From the first resounding notes, it was obvious that this concert was something special. What better way to experience the famed music from the Star Wars than in the form in which it was created? The RSNO left no note untouched in their astounding performance of these rich suites. I could almost see the opening scene scrolling in front of my eyes as the main theme kicked us off before moving into the hopeful melody of Luke Skywaylker’s theme. The orchestra were impeccably timed; their bows pulsing in perfect rhythm to announce the arrival of the Imperial Star Destroyer. The conductor for this special evening, Richard Kaufman, lead us triumphantly through several of the best-known suites including Yoda’s Theme, March of the Resistance and Anakin’s Theme.

John Williams has a hefty fifty-one Oscar nominations to his name so it was no surprise that we were treated to the sounds of Superman and Close Encounters of the Third Kind. The range of the orchestra was superbly demonstrated here; from the melodic, trilling notes of the Love Song in Superman, to the discordant cry of the strings, jumbled and unsettling against the long, low and somewhat unearthly bass note of the tuba in Close Encounters. The instruments appeared to be battling it out in order to establish the iconic five-note motif, which slowly synchronised into a crescendo of soaring sound.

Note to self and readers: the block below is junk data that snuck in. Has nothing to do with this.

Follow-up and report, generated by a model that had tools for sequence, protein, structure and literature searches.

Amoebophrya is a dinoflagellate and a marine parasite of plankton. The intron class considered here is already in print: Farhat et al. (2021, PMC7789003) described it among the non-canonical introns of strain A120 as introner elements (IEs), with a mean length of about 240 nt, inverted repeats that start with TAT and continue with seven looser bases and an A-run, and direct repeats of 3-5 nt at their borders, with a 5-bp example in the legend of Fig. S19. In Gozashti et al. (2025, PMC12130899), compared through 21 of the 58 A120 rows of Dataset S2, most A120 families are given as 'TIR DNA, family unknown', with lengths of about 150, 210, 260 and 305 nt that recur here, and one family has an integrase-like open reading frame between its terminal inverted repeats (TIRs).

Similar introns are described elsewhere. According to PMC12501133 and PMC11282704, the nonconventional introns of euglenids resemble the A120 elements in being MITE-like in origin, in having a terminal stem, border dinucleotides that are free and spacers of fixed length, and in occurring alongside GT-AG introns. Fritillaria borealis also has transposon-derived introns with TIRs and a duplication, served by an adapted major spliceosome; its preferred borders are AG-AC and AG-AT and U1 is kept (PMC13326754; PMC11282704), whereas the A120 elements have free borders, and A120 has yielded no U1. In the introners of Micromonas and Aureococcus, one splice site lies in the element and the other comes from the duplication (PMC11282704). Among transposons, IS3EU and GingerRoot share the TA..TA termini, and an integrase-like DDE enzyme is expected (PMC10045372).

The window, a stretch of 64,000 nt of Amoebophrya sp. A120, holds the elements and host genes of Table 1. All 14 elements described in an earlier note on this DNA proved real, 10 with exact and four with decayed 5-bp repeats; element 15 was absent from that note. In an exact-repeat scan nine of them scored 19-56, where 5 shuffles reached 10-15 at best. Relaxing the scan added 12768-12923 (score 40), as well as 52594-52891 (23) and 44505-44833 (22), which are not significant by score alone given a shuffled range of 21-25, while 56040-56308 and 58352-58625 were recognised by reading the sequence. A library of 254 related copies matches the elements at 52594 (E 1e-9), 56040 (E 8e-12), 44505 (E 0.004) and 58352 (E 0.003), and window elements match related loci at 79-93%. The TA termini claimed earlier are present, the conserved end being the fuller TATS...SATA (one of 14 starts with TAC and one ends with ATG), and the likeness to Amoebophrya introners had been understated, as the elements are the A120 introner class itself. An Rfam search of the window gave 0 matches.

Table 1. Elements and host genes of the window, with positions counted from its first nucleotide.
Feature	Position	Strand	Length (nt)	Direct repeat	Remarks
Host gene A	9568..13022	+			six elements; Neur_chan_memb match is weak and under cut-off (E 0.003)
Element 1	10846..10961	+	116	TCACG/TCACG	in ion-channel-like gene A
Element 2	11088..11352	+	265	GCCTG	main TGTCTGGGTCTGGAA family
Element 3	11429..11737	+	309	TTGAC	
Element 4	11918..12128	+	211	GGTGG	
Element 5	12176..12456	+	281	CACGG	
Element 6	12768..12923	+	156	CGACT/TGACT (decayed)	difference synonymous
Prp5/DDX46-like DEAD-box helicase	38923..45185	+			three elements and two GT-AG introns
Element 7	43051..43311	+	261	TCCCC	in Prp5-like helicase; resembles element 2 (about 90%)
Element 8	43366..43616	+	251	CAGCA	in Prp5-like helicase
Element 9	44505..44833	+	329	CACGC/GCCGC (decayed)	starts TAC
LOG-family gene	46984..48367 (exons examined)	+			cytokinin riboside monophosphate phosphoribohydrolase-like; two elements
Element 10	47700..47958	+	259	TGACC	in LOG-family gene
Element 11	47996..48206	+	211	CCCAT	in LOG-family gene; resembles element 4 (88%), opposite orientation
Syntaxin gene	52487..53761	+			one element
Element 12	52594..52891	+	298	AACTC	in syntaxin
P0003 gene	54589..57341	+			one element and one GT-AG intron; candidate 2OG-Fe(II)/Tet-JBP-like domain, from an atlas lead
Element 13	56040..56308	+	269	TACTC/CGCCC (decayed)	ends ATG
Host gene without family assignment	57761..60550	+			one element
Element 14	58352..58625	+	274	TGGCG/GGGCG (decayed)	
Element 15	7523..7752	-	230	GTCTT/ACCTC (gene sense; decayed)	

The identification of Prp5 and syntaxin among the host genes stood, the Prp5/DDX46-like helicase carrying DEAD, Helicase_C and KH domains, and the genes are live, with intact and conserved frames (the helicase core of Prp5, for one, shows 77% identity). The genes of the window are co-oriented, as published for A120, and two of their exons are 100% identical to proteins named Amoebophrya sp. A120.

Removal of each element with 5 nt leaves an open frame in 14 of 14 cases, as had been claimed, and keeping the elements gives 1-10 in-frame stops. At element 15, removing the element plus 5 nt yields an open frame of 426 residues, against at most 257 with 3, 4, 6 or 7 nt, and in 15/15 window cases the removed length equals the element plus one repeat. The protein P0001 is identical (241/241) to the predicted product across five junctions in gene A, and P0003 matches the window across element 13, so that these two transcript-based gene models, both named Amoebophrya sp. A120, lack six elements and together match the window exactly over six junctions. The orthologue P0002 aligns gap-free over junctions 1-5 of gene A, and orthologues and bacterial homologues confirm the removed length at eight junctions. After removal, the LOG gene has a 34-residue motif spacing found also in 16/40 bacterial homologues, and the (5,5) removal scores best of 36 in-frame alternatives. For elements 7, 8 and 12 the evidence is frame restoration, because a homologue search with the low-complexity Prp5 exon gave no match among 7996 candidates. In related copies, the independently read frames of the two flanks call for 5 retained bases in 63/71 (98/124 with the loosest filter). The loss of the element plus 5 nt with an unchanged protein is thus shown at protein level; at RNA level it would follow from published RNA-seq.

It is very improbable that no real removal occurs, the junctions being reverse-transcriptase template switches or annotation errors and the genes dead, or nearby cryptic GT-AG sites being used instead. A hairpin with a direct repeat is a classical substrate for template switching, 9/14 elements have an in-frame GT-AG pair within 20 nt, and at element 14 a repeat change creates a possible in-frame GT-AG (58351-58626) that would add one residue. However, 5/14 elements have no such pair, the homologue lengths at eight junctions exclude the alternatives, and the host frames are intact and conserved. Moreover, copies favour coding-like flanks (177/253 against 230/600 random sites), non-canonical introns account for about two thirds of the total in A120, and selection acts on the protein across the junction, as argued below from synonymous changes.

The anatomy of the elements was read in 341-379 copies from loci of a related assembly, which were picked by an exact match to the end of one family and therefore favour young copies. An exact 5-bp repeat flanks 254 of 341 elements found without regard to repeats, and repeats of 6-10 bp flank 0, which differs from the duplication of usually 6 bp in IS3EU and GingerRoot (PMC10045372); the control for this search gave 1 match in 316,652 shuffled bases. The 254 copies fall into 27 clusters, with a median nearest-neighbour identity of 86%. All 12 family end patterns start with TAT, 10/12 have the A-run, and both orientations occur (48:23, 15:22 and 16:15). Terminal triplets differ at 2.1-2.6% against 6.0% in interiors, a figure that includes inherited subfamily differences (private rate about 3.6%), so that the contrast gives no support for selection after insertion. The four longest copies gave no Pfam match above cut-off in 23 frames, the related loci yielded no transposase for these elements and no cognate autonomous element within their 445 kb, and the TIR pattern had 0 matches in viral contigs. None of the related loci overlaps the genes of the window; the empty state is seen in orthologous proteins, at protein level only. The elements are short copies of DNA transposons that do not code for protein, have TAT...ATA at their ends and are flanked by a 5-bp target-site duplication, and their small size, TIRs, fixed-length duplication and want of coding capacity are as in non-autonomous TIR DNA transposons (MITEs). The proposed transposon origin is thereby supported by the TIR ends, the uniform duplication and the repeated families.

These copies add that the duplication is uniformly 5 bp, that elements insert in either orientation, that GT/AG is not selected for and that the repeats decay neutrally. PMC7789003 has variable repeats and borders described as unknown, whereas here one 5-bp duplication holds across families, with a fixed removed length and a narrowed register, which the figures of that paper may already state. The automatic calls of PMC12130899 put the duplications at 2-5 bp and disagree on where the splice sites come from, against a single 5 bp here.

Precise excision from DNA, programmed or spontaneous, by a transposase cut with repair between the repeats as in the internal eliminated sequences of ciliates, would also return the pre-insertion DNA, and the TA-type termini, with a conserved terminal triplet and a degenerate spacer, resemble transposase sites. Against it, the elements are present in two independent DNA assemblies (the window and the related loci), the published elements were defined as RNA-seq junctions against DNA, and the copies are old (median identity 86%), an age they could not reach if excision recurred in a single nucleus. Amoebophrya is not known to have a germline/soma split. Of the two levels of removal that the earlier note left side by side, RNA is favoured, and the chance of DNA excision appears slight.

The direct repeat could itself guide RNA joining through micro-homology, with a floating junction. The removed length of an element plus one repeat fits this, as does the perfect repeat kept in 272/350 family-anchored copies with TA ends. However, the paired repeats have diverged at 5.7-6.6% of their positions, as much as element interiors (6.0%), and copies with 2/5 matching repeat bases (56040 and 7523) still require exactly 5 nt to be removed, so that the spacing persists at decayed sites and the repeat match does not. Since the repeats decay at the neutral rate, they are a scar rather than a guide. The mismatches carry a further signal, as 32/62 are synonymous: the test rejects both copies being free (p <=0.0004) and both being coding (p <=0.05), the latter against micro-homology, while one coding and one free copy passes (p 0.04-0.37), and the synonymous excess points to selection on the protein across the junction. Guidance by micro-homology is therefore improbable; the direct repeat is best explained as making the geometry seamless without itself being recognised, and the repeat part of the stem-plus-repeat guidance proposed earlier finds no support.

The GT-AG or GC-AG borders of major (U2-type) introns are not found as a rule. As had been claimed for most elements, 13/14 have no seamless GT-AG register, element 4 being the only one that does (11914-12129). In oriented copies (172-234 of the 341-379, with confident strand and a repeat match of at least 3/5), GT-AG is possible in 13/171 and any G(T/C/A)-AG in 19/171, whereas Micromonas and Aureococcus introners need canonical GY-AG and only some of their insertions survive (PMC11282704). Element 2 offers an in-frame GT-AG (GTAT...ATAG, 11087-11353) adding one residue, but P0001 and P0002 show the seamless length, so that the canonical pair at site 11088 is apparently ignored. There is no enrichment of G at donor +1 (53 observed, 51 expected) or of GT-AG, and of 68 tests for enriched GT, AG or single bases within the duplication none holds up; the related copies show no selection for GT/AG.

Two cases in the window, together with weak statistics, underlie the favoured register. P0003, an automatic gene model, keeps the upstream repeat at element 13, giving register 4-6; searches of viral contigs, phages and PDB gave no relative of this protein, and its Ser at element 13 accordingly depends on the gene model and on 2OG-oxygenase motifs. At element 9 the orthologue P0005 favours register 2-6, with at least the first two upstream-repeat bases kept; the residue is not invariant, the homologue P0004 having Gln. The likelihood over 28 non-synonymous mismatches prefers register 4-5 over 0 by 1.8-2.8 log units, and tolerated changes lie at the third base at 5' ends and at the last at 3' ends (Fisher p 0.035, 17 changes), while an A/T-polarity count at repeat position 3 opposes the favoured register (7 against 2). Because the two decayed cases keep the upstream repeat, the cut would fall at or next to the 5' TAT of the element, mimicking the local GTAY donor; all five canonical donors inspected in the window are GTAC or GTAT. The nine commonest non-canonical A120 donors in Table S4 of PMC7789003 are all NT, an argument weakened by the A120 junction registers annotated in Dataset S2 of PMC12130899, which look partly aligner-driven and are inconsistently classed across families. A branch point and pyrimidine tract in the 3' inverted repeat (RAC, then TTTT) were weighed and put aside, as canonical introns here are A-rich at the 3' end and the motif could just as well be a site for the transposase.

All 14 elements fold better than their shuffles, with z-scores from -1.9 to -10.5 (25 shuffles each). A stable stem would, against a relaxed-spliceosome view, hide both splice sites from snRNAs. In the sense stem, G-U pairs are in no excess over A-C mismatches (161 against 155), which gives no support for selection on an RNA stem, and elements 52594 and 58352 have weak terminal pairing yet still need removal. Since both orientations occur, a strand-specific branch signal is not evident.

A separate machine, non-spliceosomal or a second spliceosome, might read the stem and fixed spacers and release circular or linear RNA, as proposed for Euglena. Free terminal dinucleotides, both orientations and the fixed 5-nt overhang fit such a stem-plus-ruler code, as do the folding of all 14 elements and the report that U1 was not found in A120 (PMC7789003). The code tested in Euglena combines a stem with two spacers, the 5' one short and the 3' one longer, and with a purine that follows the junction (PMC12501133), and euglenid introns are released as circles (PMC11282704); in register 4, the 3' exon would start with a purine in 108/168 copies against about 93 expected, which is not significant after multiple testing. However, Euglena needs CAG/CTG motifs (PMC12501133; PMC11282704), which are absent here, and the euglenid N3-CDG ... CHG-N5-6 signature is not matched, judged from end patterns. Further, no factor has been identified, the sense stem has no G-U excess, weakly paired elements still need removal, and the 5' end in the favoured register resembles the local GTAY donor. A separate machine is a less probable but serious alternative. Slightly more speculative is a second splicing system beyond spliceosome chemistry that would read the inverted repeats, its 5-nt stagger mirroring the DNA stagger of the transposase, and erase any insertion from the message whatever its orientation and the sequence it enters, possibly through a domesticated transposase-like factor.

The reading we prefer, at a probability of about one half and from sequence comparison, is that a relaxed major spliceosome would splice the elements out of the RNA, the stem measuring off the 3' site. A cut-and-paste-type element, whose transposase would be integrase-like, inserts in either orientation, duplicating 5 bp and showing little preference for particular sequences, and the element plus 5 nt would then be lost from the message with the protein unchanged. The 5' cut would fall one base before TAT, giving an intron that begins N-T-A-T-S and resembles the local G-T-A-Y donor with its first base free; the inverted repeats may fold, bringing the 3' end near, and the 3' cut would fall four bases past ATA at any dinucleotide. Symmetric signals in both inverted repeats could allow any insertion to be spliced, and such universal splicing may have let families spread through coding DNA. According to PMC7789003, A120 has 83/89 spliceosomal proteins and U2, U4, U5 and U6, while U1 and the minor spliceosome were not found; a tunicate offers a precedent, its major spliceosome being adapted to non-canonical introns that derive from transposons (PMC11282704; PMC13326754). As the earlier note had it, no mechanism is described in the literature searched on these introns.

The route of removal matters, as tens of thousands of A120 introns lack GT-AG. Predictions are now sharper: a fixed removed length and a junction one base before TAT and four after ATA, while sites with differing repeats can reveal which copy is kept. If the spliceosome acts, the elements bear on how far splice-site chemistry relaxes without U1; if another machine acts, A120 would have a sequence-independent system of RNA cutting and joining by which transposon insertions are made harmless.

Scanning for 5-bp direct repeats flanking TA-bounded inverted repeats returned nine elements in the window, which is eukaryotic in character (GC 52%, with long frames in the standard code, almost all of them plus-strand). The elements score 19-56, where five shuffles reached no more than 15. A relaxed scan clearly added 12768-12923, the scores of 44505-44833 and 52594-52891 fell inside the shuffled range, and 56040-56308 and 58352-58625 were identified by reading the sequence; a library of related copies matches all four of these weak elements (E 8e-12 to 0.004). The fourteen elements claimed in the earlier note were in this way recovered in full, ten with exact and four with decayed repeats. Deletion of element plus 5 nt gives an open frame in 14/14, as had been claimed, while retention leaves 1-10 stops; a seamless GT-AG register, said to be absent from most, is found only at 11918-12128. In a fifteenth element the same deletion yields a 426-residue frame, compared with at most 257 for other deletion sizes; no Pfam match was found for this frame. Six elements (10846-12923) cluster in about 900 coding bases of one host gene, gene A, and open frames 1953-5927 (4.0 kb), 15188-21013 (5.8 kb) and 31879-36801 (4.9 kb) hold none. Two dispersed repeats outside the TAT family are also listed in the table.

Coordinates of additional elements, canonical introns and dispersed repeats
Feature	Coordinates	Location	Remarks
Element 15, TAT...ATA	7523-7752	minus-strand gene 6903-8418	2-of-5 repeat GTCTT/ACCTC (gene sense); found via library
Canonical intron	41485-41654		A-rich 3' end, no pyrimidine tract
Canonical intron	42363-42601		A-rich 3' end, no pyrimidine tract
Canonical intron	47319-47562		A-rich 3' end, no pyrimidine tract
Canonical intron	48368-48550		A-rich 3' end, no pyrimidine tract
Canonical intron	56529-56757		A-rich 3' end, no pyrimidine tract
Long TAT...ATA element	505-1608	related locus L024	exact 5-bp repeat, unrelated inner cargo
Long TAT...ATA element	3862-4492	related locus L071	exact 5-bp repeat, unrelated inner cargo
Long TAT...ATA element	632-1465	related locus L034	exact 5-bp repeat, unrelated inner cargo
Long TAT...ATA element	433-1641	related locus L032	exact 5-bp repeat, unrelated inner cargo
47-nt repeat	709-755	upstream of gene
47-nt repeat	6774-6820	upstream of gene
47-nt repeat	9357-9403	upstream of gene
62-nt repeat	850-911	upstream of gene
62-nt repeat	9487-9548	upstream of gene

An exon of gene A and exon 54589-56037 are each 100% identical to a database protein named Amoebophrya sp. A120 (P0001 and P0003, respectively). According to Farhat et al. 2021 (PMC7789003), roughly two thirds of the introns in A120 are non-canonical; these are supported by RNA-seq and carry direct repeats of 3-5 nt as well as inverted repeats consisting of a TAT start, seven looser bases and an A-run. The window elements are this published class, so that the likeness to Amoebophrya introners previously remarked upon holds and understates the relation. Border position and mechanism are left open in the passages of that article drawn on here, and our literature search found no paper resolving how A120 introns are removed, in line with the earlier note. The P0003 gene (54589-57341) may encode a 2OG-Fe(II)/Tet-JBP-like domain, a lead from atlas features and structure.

Hearing the music of Star Wars performed live affords a connection with the music that would otherwise be impossible – helped along on the night by the personal insight offered by the conductor. Kaufman played in John Williams’ orchestras (violin) before going on to working with him as a conductor, and he affectionately shared their conversation about the upcoming concert with the RSNO, telling the audience of how Williams wanted the orchestra to showcase two suites of music previously unavailable to any other orchestra. He told us also, of the night that George Lucas first showcased his plans for Star Wars to his comrades in Hollywood, with all but Steven Spielberg saying the movies would flop if he made them. Kaufman’s warm mention of the late Carrie Fisher, served as a poignant reminder that real people are behind the much-loved characters and sounds of Star wars; and the gentle melody that lifted from the flute for Hans Solo and the Princess, had a resulting beautiful sadness. The strings really came into their own for this suite, with the cellos and violas bringing a heart-tugging depth to the melody.

The final suite, the Imperial March was welcomed by rapturous applause – and it was due.

The RSNO performs the music of John Williams every year at the Usher Hall in Edinburgh and The Glasgow Royal Concert Hall.